Buffett: “If you instead focus on the prospective price change of a contemplated purchase, you are speculating. There is nothing improper about that. I know, however, that I am unable to speculate successfully, and I am skeptical of those who claim sustained success at doing so.”
Hence, I look at the dividend payments schedule for these companies. Consider shale oil drillers Chesapeake Energy at a dividend yield of 1.35% or Encana Co. at 1.48%. I note that these independent drillers spend $1.50 for $1 worth of profits. Continental Resources reported increase production of 35%, yet net income decreased 39% from the last quarter due to increase expenses and derivative losses. Expenses increased 69% over last year! They pay no dividend. Their issue is the rising cost of getting that oil against the supply/demand equation. The more oil they produce, the greater chance the price of oil decreases meaning they will lose even more money. Sitting out there is OPEC which could increase its production decreasing the price of oil. That’s why we are seeing major energy companies selling their land [Shell, Hess, BP]. They simply don’t like the economics of the shell oil play. They need to drill and produce more oil to make a profit, and yet if they do that the price of oil could drop below their cost of drilling.
Current yield for the three energy companies I purchased are 10.7%, 8.5%, and 21.2%. All those companies have billions of dollars in order backlogs securing their current dividends. [I will discuss specifics of this in a later post]. All have increased their dividends over the last year.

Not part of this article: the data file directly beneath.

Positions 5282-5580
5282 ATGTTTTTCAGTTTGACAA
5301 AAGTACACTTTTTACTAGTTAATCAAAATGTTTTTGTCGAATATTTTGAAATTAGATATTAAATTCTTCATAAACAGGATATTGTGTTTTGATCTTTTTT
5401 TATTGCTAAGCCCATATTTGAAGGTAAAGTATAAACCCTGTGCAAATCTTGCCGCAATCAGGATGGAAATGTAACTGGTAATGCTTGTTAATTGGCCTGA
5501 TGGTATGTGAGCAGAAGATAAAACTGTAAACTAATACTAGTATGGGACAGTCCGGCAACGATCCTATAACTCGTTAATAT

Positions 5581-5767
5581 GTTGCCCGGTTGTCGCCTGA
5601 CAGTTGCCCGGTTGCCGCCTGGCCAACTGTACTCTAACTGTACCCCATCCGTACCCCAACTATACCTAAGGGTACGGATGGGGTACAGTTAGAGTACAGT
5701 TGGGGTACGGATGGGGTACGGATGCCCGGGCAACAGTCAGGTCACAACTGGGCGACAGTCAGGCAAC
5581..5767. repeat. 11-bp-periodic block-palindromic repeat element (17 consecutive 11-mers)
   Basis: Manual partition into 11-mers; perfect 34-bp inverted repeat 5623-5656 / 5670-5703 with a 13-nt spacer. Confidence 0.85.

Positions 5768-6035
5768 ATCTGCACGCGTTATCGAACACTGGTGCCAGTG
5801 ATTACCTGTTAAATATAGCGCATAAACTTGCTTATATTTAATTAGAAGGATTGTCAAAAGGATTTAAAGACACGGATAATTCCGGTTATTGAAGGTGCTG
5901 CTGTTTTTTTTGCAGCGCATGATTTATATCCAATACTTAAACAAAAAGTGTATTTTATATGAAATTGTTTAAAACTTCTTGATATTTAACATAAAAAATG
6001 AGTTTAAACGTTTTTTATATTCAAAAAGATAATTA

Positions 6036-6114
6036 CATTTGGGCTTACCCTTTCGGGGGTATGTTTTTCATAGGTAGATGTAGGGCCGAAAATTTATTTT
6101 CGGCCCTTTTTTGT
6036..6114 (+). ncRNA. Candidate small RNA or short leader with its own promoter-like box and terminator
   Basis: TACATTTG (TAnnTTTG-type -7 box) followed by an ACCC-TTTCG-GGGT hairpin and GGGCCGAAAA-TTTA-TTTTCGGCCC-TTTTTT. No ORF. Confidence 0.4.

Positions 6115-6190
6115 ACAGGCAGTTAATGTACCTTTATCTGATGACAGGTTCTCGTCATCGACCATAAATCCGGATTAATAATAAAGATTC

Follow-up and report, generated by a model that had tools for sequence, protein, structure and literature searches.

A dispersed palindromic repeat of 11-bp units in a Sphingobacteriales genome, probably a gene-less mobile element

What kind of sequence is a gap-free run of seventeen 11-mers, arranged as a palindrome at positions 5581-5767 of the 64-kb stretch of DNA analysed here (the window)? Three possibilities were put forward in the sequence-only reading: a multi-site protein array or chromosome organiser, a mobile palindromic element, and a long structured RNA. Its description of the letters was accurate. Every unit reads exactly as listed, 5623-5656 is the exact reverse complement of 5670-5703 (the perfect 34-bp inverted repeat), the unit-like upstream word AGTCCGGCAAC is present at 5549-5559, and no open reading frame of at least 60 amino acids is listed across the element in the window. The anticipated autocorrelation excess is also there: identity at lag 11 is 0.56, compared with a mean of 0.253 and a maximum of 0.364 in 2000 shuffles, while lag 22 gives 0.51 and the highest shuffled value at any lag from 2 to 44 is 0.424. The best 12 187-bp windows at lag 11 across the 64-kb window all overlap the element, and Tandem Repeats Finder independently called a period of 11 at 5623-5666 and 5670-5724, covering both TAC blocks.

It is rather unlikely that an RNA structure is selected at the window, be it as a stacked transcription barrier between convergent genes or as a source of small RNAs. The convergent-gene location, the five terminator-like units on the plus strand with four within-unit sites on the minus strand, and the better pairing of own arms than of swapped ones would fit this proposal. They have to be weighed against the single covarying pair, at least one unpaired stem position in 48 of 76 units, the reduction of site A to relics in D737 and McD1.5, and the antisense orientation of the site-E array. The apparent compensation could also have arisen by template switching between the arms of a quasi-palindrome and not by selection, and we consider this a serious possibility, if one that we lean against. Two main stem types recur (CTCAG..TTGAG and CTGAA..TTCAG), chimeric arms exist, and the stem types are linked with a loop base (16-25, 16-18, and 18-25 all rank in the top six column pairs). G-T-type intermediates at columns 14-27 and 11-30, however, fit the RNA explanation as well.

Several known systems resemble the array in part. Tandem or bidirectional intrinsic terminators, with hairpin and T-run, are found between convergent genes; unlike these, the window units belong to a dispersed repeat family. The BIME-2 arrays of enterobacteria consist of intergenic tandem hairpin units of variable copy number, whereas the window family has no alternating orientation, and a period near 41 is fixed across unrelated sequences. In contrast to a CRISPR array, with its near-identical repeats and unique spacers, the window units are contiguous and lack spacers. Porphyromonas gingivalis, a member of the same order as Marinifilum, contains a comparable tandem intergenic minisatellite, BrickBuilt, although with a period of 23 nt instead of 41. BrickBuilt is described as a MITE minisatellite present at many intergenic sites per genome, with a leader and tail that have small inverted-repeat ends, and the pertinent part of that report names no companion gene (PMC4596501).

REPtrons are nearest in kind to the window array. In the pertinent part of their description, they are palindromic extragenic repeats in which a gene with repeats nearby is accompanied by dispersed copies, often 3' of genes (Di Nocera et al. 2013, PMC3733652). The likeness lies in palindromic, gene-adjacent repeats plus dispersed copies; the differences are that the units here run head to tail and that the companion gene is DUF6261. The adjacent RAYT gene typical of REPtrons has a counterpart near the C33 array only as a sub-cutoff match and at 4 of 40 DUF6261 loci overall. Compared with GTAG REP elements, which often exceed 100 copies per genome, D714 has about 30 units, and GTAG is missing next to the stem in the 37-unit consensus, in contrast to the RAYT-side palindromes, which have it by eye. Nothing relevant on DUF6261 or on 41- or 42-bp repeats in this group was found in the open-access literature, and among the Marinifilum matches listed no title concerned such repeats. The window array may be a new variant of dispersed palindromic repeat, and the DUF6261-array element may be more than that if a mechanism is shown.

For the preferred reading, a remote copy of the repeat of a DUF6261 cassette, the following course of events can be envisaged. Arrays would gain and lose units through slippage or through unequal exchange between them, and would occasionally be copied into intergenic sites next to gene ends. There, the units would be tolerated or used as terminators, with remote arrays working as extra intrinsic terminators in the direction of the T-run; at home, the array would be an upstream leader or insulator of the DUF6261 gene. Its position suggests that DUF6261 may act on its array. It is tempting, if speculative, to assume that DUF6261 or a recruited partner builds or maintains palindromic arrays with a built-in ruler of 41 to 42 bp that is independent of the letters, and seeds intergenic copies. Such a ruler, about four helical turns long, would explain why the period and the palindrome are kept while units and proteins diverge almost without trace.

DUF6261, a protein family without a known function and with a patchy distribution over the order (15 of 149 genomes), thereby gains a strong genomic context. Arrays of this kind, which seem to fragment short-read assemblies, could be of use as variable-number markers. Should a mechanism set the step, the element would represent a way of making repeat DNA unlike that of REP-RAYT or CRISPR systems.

So looking at future productivity and current yield leads me to the place of investing in drillship owning companies with huge backlogs of leases. And if the price of oil goes down they can simply lower their dividends temporarily.
Now a long term decrease in the use of oil products is the major risk here. I am comfortable assuming that risk while my dividends are reinvested causing my dividend income to increase exponentially over the long term.
Finally, Buffett: “It should be an enormous advantage for investors in stocks to have those wildly fluctuating valuations placed on their holdings-and for some investors, it is. After all, if a moody fellow with a farm bordering my property yelled out a price every day to me at which he would either buy my farm or sell me his-and those prices varied widely over short periods of time depending on this mental state- how in the world could I be other than benefited by his erratic behavior?”
I picked up some more SDRL last week when the market pushed it down into the $35 range. I was happy to buy it at $41, and more than happy to buy some for less than $36. I sold some Berkshire and will increase my AWILCO after I get my dividend. All part of the plan to develop dividends enough to live off of in retirement.